Paul insists he'll be on ballot for Senate in 2016

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Associated Press

Posted on December 15, 2012 at 7:01 PM

LEXINGTON, Ky. (AP) — U.S. Sen. Rand Paul, the tea party Republican who has acknowledged he's interested in a presidential bid in 2016, insisted Friday that he would seek re-election to the Senate that year.

The quandary for Paul is that he has to choose one or the other because, under Kentucky law, he's legally precluded from running for both.

Paul told reporters after a speech to Lexington business leaders on Friday that he has formed a re-election committee and that he intends to be on the ballot for Senate, though he still didn't rule out running for president.

"I'm really not going to equivocate on whether I'm running for Senate or not," Paul said. "That will happen." As far as a presidential bid, Paul said "it will probably be two years before we have a serious discussion" about that.

Republican strategist Mike Karem, a Louisville attorney, said Paul has put himself in a precarious position by telling ABC News last month that he's interested in a presidential run.

"He's trying to ride two horses at the same time," Karem said of Paul. "He could slip and fall."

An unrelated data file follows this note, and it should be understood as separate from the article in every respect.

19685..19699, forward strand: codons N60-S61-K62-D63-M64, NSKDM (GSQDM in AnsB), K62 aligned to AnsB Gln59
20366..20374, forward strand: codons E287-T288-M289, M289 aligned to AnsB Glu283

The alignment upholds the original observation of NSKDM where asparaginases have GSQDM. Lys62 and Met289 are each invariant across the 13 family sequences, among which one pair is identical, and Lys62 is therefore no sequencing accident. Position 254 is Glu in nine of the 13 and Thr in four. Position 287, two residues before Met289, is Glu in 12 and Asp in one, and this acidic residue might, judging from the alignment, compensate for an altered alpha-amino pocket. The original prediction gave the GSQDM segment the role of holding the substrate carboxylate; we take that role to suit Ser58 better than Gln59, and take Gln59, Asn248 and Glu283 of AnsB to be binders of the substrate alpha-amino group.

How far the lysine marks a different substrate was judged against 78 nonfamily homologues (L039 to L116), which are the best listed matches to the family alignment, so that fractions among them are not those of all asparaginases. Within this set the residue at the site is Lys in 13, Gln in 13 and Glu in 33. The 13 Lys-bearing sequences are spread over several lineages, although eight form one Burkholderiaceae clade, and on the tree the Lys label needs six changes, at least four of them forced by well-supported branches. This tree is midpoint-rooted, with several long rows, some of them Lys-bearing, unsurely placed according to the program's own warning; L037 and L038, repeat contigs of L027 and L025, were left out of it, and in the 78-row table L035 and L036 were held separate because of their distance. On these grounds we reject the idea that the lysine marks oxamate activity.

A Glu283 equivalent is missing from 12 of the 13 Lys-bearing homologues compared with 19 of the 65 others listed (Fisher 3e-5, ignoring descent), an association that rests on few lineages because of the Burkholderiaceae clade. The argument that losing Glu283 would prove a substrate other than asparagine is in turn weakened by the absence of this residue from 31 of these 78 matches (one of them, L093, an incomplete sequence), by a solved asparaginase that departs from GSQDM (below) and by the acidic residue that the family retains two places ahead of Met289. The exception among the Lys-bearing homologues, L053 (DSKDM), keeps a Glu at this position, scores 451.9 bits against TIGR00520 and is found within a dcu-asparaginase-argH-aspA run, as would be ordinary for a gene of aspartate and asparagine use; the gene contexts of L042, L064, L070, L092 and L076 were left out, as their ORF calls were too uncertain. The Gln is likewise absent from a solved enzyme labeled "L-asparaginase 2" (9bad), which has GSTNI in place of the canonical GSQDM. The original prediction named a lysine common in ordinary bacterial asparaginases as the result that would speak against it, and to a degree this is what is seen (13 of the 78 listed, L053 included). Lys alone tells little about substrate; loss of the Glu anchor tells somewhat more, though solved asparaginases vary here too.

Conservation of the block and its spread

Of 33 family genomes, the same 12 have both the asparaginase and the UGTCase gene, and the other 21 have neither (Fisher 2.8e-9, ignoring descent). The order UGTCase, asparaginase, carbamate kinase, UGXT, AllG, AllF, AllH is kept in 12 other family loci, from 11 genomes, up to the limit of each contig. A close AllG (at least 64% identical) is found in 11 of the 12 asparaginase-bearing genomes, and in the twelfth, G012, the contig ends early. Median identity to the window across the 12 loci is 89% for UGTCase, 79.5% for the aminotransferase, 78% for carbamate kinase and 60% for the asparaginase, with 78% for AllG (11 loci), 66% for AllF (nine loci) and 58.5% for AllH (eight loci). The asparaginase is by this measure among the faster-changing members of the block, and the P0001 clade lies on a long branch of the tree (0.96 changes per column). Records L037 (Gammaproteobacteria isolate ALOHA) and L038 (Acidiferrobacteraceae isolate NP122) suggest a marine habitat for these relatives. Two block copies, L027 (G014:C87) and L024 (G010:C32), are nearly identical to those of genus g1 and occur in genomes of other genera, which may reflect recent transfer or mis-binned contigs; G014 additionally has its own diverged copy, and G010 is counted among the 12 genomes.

Paul, the son of Texas Republican Ron Paul who ran unsuccessfully for the GOP presidential nomination this year, was elected to the Senate from Kentucky in 2010.

Karen said uncertainty about which race the younger Paul will enter could have a chilling effect on his fundraising. He said it could also cause some other GOP candidates to begin positioning themselves for Paul's Senate seat.

"I think talk about him being a presidential candidate undercuts his credibility as a Senate candidate," said University of Louisville political scientist Laurie Rhodebeck. "Even though the re-election rate of Senate incumbents is extraordinarily high, one of the reasons why those folks get voted out is when they're perceived as too greedily seeking options outside their state. Ambition sometimes gets punished."

Paul said Friday he hasn't consulted with Kentucky legislators about changing the state law to allow candidates to run for two offices.

"We have not looked at that or discussed that with anybody," he said. "The only thing that we have made absolute plans is that I have formed a re-election committee and I will run for the U.S. Senate."

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